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Review: Room on the Broom, Lyric Theatre

Tall Stories bring enormous energy and colour to the Lyric Theatre with this lively and enjoyable stage production. It’s a polished piece of work for ages 3+, and there's loads to like about the show: full of fun, silliness and laughter, it’s not too scary for tinies, but still excitingly surprising in places. The music and original songs are splendidly catchy, really playing the crowd, getting the audience singing and clapping along. There’s a strong, likeable cast: the characters are all well-rounded and beautifully enacted. The lighting is delightful, and there are some imaginative slow motion effects. It really…

Summary

Rating

Good

A delightful, magical musical that’s great fun as it is, but perhaps not quite what it says on the tin.

User Rating: 3.9 ( 2 votes)

Tall Stories bring enormous energy and colour to the Lyric Theatre with this lively and enjoyable stage production. It’s a polished piece of work for ages 3+, and there’s loads to like about the show: full of fun, silliness and laughter, it’s not too scary for tinies, but still excitingly surprising in places. The music and original songs are splendidly catchy, really playing the crowd, getting the audience singing and clapping along. There’s a strong, likeable cast: the characters are all well-rounded and beautifully enacted. The lighting is delightful, and there are some imaginative slow motion effects. It really is a good, fun day out for the kids. But if you’re expecting to see a page to stage version of Julia Donaldson and Axel Scheffler’s Room on the Broom – the best-selling book, known for its punchy format and distinctive aesthetic – this adaptation might not be quite the one.

An audience wanting to see a children’s classic on the stage probably comes with certain expectations. If they go to see the Moomins they might anticipate seeing identifiable white hippo-esque creatures on the stage. If they go to Peppa Pig they would want to recognise her and the family as they appear on the telly, or in books. It’s surprising therefore that this adaptation of Room on the Broom doesn’t adopt the distinctive visual aesthetic of the source material to any great extent. There’s a nice set design which is not dissimilar, and the witch’s costume hints at it, but that’s really as close as it gets. Clearly, having some of the illustrated characters played by humans is going to cause difficulties, but there are several puppets in the show which are made quite visually different from the book. It just feels an odd creative choice. It puts a distance between the expectation being sold and what is actually delivered.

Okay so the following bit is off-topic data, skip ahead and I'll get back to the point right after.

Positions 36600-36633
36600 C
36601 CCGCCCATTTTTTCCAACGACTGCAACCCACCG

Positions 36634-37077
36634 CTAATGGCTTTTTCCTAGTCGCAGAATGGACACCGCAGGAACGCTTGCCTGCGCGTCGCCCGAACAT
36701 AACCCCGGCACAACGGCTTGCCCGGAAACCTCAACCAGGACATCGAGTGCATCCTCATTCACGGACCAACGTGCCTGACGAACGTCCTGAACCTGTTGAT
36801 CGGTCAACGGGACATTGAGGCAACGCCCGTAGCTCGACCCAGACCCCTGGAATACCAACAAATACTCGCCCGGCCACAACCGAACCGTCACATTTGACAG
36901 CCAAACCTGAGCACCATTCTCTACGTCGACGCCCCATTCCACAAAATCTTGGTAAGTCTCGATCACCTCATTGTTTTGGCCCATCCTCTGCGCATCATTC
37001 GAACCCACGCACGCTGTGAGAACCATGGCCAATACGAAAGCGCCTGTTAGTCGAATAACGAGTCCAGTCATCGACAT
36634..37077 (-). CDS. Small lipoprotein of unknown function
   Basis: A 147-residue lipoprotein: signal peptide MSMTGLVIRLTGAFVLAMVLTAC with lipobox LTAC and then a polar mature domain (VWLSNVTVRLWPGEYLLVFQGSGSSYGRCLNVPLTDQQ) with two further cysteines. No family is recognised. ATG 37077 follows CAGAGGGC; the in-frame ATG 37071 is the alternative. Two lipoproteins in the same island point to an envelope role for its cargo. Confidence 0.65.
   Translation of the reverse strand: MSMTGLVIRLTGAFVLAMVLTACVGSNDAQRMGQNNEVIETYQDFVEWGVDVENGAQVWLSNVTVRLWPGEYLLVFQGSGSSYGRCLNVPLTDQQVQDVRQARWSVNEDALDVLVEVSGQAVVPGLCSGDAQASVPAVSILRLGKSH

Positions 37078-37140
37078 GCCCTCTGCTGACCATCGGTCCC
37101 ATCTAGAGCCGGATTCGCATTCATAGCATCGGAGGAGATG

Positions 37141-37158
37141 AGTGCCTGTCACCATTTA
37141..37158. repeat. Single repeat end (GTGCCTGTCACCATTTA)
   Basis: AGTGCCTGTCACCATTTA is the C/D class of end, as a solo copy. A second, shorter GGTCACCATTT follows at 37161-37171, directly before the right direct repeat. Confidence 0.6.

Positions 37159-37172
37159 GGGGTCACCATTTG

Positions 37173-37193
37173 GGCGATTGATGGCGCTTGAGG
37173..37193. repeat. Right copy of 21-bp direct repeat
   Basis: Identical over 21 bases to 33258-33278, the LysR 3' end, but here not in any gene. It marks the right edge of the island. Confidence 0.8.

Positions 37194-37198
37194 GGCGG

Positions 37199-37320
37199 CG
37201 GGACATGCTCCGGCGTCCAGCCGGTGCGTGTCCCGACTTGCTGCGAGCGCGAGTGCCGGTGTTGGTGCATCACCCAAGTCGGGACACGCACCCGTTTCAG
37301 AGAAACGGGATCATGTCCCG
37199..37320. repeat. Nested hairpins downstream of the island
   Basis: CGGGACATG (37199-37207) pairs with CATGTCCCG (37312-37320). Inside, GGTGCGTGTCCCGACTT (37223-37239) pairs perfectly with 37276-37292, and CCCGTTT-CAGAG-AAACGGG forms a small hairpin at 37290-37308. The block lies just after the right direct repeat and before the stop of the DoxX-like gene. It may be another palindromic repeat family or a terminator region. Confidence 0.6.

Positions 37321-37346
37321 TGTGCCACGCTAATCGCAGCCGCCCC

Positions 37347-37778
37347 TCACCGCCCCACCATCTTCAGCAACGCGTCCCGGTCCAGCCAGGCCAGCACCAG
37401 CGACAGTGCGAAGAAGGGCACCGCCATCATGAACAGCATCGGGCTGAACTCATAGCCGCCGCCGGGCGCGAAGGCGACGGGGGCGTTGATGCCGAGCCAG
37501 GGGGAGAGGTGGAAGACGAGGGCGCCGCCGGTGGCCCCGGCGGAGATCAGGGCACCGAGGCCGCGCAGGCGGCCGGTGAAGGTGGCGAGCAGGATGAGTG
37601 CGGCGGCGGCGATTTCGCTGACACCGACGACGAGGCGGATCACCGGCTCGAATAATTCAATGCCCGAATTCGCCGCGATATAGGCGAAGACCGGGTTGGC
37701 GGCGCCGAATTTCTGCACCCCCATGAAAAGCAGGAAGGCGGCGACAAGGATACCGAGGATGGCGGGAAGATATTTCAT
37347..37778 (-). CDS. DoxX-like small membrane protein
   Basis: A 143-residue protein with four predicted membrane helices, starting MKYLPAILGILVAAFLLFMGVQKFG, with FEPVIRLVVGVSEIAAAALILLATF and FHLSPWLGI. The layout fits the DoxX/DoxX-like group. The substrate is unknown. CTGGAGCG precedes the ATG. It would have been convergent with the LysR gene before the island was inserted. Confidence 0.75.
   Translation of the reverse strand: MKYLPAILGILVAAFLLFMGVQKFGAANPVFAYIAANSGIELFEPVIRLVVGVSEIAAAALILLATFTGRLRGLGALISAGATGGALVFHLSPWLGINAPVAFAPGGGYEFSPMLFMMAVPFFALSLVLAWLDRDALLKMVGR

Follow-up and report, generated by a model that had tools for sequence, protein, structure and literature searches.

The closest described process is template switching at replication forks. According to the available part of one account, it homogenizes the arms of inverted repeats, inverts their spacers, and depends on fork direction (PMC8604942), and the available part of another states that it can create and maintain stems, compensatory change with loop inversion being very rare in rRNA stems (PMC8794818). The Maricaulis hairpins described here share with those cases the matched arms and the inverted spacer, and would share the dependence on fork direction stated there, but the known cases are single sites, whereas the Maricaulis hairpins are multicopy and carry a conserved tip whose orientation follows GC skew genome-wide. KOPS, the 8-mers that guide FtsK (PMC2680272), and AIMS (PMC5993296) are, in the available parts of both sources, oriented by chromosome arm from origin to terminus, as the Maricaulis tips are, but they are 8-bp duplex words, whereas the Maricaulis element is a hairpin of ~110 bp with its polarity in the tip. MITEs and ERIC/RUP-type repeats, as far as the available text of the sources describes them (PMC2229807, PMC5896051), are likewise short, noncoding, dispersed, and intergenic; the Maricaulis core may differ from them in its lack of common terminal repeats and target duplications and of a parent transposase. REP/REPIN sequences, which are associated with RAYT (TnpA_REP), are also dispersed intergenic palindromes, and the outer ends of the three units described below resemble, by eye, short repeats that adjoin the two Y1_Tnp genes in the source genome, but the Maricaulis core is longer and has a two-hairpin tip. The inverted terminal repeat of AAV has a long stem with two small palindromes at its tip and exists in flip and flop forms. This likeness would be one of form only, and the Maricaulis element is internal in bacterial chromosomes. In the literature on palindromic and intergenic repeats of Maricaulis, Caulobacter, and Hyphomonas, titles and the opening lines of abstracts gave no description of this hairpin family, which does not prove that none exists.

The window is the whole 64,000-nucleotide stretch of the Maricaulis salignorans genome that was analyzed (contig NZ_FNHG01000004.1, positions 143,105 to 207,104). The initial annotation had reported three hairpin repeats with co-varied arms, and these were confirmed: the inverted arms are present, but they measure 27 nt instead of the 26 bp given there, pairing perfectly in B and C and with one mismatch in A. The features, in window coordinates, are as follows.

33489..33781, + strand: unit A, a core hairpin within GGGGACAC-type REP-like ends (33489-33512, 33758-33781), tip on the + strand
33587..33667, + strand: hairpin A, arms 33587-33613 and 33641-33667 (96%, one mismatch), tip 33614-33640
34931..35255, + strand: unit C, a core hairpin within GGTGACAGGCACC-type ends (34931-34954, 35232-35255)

A further change is that here the story is framed within a tale of hikers planning to camp out under the moon. They are taken aback when they see a witch soaring down towards them, and then the narrative switches, with the cast no longer campers; instead they are relating the tale from the book. The hikers reappear at the end of the show to round it off, and some of their equipment is linked in as props throughout, but really this device feels rather unnecessary. I couldn’t help wonder if a big bang musical number, which Tall Stories do so well, would have fired the show up rather more effectively and quickly, perhaps followed with a simple shadow puppet exit of the broom flying across the moon to close the play nicely. 

This is a sixty-minute show made from a five minute book, so there is a need for extra material alongside the original text to pad it out. Much of that really brings value to the performance. The music and songs, for example, are excellent, helping describe the characters and situations more fully and bringing joy to the stage. The whole audience is invited to participate, sing and clap along, which they do with delight. Most of the script, however, is original dialogue, against which the distinctive, beautiful poetry of the book when it is introduced seems somewhat grafted – a different tone, and misfitting, which is a shame.

Ultimately the show captures the book’s warm spirit of camaraderie, and promotes the same valuable message of helping each other. It is certainly a fun way to spend an hour with the kids over the holidays: just expect the unexpected and you’ll enjoy a lovely production.


Based on an original book by: Julia Donaldson
Directed by: Olivia Jacobs
Design by: Morgan Large
Lighting by: James Whiteside
Music Composed and Sound Design by: Jon Fiber and Andy Shaw
Puppet Design by: Yvonne Stone

Room On The Broom plays at Lyric Theatre until 4 September, and then embarks on a nationwide tour. Bookings and all tour dates can be found here.

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About Mary Pollard

By her own admission Mary goes to the theatre far too much, and will watch just about anything. Her favourite musical is Matilda, which she has seen 14 times, but she’s also an Anthony Neilson and Shakespeare fan - go figure. She has a long history with Richmond Theatre; in Marketing, as a tour guide, archivist and volunteer, but is currently helping at Shakespeare's Globe as a steward and in the archive. She's also having fun being ET's specialist in children's theatre and puppetry! Mary insists on now being called The Master having used the Covid pandemic to achieve an MA in London's Theatre and Performance.